12. Your coat skirt will look like a wrap skirt.

13. With right sides together, join and sew the skirt and bodice together, aligning the side seams. Press open. I finished the seams with bias binding.

14. With right sides together, join back neck facing to front facing. Press seams open. I finished the seams with bias binding.

15. With right sides together, pin the facing onto the coat and stitch it in place all the way around from one hem to the other. The seam allowance here is 1cm.
Press seams open. Snip around the neckline curves. Then turn facing inside the coat and press flat.

16. With right sides together, attach and sew under-sleeve to top-sleeve. Press sleeve seam open. I finished the seams with fake machine felling. Attach remaining side of the under-sleeve to the remaining side of the top-sleeve. I did a french seam here. Turn up the sleeve hem, press and stitch in place.

17. Fit sleeve head into armhole right sides together and ease sleeve in to fit. The seam allowance here is 1cm. Stitch in place. Press.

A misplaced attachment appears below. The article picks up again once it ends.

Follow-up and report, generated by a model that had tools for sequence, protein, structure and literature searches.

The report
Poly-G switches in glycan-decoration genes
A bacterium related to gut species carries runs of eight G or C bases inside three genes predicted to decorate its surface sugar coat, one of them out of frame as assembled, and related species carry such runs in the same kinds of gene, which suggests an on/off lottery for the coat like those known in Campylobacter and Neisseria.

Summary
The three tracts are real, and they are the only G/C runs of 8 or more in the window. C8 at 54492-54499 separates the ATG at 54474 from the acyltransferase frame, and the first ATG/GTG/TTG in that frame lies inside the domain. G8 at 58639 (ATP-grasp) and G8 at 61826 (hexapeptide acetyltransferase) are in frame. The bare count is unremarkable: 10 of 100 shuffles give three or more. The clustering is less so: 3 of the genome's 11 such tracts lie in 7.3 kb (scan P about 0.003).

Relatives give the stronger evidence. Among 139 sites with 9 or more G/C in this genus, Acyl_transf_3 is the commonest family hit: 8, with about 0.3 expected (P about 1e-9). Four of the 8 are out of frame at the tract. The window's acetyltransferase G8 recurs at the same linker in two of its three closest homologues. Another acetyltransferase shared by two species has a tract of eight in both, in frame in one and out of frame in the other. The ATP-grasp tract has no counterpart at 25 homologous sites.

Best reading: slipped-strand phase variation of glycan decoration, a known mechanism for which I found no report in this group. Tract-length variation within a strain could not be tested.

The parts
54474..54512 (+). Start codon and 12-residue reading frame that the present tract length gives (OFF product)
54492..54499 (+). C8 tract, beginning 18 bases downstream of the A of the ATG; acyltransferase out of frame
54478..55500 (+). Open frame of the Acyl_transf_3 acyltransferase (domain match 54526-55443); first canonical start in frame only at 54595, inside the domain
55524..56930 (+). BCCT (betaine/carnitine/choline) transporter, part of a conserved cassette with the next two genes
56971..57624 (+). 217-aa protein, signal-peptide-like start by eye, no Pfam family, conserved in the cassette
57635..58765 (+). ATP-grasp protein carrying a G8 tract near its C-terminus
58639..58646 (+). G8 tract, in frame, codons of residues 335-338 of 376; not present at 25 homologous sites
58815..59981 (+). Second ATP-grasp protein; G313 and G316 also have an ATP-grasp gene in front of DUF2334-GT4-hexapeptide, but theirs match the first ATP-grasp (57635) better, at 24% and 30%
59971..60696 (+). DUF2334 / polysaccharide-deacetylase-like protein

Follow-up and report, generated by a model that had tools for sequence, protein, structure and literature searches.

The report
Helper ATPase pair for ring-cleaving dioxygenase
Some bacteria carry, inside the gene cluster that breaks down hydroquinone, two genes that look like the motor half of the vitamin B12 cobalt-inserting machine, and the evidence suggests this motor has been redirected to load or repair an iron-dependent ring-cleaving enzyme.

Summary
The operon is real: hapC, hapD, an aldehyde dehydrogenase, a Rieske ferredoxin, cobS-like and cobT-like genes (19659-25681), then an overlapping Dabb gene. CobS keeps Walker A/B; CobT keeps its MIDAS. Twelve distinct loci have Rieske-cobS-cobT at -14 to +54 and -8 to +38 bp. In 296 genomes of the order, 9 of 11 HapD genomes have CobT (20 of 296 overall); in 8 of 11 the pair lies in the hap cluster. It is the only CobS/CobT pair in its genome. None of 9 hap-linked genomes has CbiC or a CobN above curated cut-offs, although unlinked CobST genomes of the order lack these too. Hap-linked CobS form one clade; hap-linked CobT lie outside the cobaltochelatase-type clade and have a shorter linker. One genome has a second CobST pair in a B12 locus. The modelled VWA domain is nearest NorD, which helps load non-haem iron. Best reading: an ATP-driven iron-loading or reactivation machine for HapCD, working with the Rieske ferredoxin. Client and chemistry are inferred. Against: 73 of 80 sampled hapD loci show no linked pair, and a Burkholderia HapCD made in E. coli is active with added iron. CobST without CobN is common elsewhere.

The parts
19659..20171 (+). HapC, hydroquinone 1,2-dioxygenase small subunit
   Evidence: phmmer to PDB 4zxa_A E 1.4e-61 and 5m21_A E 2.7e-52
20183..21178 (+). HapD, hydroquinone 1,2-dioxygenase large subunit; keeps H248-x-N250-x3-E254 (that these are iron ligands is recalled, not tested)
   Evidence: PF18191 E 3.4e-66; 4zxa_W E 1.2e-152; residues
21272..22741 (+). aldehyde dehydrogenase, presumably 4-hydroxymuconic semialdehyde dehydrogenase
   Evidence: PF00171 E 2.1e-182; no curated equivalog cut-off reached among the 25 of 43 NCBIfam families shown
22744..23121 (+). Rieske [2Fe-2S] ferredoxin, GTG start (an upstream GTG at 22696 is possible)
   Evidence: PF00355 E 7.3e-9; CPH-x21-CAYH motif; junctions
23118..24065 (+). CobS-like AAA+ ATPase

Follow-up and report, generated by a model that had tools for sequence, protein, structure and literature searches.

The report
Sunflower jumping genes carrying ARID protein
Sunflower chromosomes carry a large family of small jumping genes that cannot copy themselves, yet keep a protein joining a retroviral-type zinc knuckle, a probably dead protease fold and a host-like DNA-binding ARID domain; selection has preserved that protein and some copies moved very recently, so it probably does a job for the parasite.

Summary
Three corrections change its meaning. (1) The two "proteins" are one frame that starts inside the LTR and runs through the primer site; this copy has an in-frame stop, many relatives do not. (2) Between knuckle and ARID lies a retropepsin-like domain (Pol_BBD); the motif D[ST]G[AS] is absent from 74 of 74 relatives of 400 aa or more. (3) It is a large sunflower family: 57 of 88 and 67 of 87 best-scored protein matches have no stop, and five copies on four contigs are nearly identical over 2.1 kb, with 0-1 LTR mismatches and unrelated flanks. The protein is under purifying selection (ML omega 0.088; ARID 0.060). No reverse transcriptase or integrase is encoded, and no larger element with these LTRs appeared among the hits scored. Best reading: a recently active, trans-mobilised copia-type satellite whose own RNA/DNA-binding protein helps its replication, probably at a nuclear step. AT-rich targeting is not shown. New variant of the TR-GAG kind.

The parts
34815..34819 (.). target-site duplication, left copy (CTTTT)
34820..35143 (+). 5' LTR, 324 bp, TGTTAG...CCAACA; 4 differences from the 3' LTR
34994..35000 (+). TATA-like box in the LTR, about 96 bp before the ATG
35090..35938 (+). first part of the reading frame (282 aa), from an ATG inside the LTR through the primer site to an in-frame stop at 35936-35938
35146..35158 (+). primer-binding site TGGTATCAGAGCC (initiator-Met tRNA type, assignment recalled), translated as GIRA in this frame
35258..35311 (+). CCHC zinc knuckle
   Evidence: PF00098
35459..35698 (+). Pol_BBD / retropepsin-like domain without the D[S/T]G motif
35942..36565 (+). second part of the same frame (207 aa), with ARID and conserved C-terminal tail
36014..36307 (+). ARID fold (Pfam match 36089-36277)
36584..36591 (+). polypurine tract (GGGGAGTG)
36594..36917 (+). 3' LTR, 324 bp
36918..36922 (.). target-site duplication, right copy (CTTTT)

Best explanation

I finished the seams with bias binding.
18. Right sides together, join belt pieces together. Start sewing from one side and sew all the way around, leaving a turning opening along one side. Turn through to right sides, press and the slip-stitch the opening closed. I machine finished this opening.
Fold the edges of the belt loops flat, top stitch the edges down carefully and then machine stitch the first side onto your coat right side together where marked on the pattern.

19. Turn up the hem all the way around, press flat and stitch in place.
While I like fitted styles, this wrap trench has a great shape to it.
Cheers and thanks Claire and White Tree Fabrics Uk for this coat.


Related Posts Plugin for WordPress, Blogger...

You might also be interested in...

Related Posts Plugin for WordPress, Blogger...


Minerva Crafts UK